During the read function, the light emitters 22 preferably emit a lower level energy field than during the write cycle, but still of sufficient energy to locally excite charge carriers in the storage areas 18, 19. If carriers are excited in the storage layer 14, the number of carriers created (the “generation efficiency”) will depend on the state of the storage areas 18, 19 where the light beams 22 are incident. A factor that affects generation efficiency is the band structure of the storage layer. Some fraction of the generated carriers of one sign (electrons or holes) will be swept across the diode interface 47 (the “collection efficiency”) under the influence of a built-in field. The collection efficiency is dependent upon, among other things, the recombination rate and mobility in and around the area on which the read photons are incident and the effect of the built-in fields. An additional field may be applied across detection circuit 20 by a voltage source 21. The current that results from carriers passing across the diode interface 15 can be monitored by a detection signal 22 taken across the interface junction 15 to determine the state of data storage areas 45. Alternatively, the diode can be operated “open circuit” without current flowing across the junction and the open-circuit voltage developed across the diode can be monitored.
Thus, variations in the current generated across the diode 17 by the read photons can depend on both the local generation efficiency and the local collection efficiency. Both of these factors are influenced by the state of the region upon which the photons are incident. The phase-change material of storage layer 14 can be comprised of a number of phase change materials with the appropriate electrical properties (bandgap, mobility, carrier lifetime, carrier density, etc.) including a number of chalcogenide-based phase-change materials.
Layer Adjacent the Storage Layer
A diode configuration 30 is shown in
In one application, the LASL 32 is used as the primary generator of carriers and the storage layer acts as a variable absorber and/or reflector of the beam. In this approach a different amount of light will reach the LASL 32 depending on the state of each portion of the storage layer 31. In most cases, for those portions that are crystalline more photons will penetrate to the LASL than for the amorphous portions. Thus, the generation of carriers in the LASL 32 beneath storage area 35 will vary, depending on the presence or absence of a bit in the storage area 35.
One advantage of this approach is that the functions of data storage and data detection are separated, so that the best type of materials for each function can be selected. Thus, the material used for the storage layer 31 will be selected based primarily on its capability to change states in the desired manner to store data, and the contrast between the states in the degree to which light is absorbed or reflected. The storage layer 31 does not need to have the electrical properties necessary for forming a good diode junction with layer 33. In contrast, the material used for the LASL 32 will be selected based primarily on its capability to generate carriers and to form a junction with layer 33 with a high collection efficiency for carriers generated in the LASL 32.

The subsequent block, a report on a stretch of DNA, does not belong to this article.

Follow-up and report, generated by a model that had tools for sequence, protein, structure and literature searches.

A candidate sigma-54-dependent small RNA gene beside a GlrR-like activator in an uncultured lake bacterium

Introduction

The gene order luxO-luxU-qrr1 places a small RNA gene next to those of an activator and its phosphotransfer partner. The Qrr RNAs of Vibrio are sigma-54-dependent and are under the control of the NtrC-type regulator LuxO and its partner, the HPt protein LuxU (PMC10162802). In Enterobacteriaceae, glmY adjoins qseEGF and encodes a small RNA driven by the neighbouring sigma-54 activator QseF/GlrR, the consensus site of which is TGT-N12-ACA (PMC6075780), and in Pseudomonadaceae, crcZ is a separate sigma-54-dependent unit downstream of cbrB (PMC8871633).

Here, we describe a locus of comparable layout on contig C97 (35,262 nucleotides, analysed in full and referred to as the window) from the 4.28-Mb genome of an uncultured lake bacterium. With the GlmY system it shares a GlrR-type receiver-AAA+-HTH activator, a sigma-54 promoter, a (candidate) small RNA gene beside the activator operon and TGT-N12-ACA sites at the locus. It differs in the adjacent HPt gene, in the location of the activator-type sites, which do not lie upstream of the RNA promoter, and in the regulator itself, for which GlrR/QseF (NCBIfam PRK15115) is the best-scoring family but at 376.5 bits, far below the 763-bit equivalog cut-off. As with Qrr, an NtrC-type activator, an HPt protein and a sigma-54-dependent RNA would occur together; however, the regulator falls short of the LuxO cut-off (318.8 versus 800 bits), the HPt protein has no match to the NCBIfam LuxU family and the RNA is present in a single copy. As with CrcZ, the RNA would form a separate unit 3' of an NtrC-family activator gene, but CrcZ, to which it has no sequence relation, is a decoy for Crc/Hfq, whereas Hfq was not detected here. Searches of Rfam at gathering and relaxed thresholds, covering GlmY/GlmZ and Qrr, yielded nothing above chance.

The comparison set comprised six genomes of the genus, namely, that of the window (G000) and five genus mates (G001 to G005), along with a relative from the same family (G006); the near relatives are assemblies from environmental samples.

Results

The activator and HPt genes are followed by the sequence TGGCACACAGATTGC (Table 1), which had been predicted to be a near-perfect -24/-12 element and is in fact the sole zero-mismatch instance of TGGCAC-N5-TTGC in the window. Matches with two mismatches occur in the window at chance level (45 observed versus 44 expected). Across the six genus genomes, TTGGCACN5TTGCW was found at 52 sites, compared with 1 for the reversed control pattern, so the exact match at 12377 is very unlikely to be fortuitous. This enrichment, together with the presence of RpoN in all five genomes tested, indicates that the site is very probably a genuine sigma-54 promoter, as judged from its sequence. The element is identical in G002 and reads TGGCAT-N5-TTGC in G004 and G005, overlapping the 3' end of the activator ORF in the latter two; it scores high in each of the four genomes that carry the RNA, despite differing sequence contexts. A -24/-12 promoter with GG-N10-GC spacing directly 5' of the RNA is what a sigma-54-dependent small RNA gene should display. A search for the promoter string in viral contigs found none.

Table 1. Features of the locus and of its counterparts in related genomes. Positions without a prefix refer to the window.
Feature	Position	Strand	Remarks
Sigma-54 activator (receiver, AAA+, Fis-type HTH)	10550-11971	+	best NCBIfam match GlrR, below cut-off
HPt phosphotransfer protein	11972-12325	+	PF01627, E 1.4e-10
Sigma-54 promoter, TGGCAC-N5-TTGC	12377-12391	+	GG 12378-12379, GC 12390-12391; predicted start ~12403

In another application for the structure shown in
More specifically, the state of the storage layer 31 may affect the carriers collected at the 32/33 diode interface by a contrast in (1) the number of carriers generated by the storage layer 31 that make it to the 32/33 diode interface, (2) the recombination rate of electron-hole pairs at the 31/32 storage layer/LASL interface, and/or (3) the effect of the storage layer 31 on the fields (built-in and applied) in the storage layer 31 and LASL 32. The 31/32 interface does not need to have low leakage and may form a rectifying junction or an ohmic contact. In either case, it should not impede carriers and should have a low recombination rate for the types of carriers that are detected at the 32/33 diode interface.
There are several ways that the LASL 32 can help in this arrangement. One way is by forming a better junction or interface with the bottom layer 33 (32/33 diode interface) than would be formed by storage layer 31. The 32/33 diode interface is improved in that there is more efficient collection of the generated carriers and/or less leakage current in the absence of the read beam. The collection efficiency is improved by the 32/33 diode interface being formed such that there are no problematic band-offsets or unwanted interface states that cause recombination or charge trapping, all of which can impede carrier collection.